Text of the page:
"Yes, Colonel Lindbergh is still here?oh, my dear, you should have seen the crowds at the airfield when he arrived! Two hours late, but nobody minded a bit. That plane, what's it called, the Ghost of St. Louis, isn't it"
Con began to giggle helplessly, and I suppressed a smile.
"It's the Spirit of St. Louis," I corrected her, and my mother met my gaze with a bemused expression in her downward-slanted eyes. I felt myself blush, knowing what she was thinking. Anne? Swooning for the dashing young hero, just like all the other girls? Who could have imagined?
"Yes, of course, the Spirit of St. Louis. And the colonel has agreed to spend the holidays with us in the embassy. Your father is beside himself. Mr. Henry Ford has even sent a plane to fetch the colonel's mother, and she'll be here, as well. At dinner, Elisabeth will take special care of himoh, and you, too, dear, you must help. To tell the truth, I find the colonel to be rather shy."
"He's ridiculously shy," Con agreed, with another giggle. "I don't think he's ever really talked to girls before!"
"Con, now, please. The colonel's our guest. We must make him feel at home," Mother admonished.
I listened in dismay as I followed her into the second car; Daddy, Dwight, and Elisabeth roared off in the first. The colonela total strangerwould be part of our family Christmas? I certainly hadn't bargained on that, and couldn't help but feel that it was rude of a stranger to insinuate himself in this way. Yet at the mere mention of his name my heart began to beat faster, my mind began to race with the implications of this unexpected stroke of what the rest of the world would call enormous good luck. Oh, how the girls back at Smith would scream once they found out! How envious they all would be!
Before I could sort out my tangled thoughts, we were being whisked away to the embassy at such a clip I didn't have time to take in the strange, exotic landscape of Mexico City. My only impression was a blur of multicolored lights in the gathering shadows of late afternoon, and bleached-out buildings punctuated by violent shocks of color. So delightful to think that there were wildflowers blooming in December!
"Is the colonel really as shy as all that?" It seemed impossible, that this extraordinary young man would suffer from such an ordinary affliction, just like me.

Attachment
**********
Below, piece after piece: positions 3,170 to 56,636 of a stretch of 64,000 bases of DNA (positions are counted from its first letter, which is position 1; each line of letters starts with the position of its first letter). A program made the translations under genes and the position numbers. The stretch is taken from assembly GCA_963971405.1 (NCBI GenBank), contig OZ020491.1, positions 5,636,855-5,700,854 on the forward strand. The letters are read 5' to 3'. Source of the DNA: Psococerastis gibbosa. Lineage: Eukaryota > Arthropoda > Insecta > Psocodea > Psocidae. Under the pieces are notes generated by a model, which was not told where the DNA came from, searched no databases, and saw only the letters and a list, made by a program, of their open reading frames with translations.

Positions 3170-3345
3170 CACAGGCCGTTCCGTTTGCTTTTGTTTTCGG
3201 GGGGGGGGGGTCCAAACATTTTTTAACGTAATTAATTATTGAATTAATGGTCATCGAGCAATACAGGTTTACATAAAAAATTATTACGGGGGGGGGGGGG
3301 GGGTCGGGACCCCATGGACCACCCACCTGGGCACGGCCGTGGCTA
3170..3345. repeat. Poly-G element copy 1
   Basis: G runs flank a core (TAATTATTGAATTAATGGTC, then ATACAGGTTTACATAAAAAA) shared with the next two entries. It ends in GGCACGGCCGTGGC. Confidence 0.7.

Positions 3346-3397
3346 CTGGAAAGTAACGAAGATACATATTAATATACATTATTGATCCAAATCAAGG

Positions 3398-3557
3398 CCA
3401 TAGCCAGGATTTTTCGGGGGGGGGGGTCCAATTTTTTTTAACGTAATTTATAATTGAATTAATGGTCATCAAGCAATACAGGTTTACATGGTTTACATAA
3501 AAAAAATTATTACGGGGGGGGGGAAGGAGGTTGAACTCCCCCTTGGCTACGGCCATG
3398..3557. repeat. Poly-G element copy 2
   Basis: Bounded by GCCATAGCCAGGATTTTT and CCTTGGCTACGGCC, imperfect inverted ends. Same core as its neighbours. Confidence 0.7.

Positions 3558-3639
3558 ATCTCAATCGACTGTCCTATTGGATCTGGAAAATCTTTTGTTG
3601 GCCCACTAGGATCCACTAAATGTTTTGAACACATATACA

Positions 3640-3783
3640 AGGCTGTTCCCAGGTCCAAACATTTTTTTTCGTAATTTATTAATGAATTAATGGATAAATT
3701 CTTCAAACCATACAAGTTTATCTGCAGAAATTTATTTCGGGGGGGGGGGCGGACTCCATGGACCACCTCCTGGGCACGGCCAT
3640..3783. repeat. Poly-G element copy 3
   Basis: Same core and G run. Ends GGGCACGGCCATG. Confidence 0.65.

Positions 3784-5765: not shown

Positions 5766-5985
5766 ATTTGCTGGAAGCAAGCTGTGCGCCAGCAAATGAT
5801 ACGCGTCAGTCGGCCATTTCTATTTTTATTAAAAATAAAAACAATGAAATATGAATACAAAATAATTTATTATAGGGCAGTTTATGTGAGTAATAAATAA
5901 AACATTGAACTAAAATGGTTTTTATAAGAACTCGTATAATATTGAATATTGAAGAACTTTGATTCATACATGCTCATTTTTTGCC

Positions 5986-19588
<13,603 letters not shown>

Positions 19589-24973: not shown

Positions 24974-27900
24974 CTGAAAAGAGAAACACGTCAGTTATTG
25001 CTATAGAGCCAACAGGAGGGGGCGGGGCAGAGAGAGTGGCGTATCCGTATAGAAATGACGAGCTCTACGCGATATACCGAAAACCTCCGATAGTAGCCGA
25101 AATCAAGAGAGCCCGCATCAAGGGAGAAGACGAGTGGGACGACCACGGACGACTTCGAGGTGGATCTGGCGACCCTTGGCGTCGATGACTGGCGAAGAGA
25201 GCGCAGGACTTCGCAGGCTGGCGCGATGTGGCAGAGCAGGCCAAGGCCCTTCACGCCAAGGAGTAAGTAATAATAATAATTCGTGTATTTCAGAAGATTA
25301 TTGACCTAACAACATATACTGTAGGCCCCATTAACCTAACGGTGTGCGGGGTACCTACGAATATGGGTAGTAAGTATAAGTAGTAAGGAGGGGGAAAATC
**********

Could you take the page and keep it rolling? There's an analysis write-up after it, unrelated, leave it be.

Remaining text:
"Oh, yes. Talk to him about aviationthat's really the only way you can get him to say more than 'yes,' 'no,' and 'pass the salt,'?" Mother said. Then she patted me on my knee. "Now, how was your last term? Aren't you glad you listened to reason af- ter all, when you thought you wanted to go to Vassar? Now you're almost through, almost a Smith graduate, just like Elisabeth and me!"
I smiled, looked at my shoescaked with the dust of traveland nodded, although my mouth was set in a particular prickly way, my only outward sign of rebellion. After almost four years, I still wished I'd been allowed to go to Vassar, as I'd so desperately wanted.
But I swallowed my annoyance and dutifully recited grades and small academic triumphs, even as my mind raced ahead of the two sleek embassy cars. Colonel Lindbergh. I hadn't counted on meeting him so soon?or at all, really. I'd thought his visit was merely an official stop on some grand tour of Latin America and that he'd be gone long before my vacation started. My palms grew clammy, and I wished I'd changed into a nicer frock on the train. I'd never met a hero before. I worried that one of us would be disappointed.
"I can't wait for the colonel to meet Elisabeth," Mother said, as if she could read my thoughts. "Oh, and you, too, dear."
I nodded. But I knew what she meant. My older sister was a beautythe beauty, in the parlance of the Morrow family, as if there could be room for only one. She had a porcelain complexion, blond curls, round blue eyes with thick black eyelashes, and a darling of a nose, the master brushstroke that finished off her portrait of a face. Whereas I was all nose, with slanty eyes like Mother's, and dark hair; while I was shorter than Elisabeth, my figure was rounder. Too round, too busty and curvy, for the streamlined flapper fashions that were still all the rage this December of 1927.
Excerpted from The Aviator's Wife by Melanie Benjamin. Copyright © 2013 by Melanie Benjamin. Excerpted by permission of Delacorte Press, a division of Random House, Inc. All rights reserved. No part of this excerpt may be reproduced or reprinted without permission in writing from the publisher.
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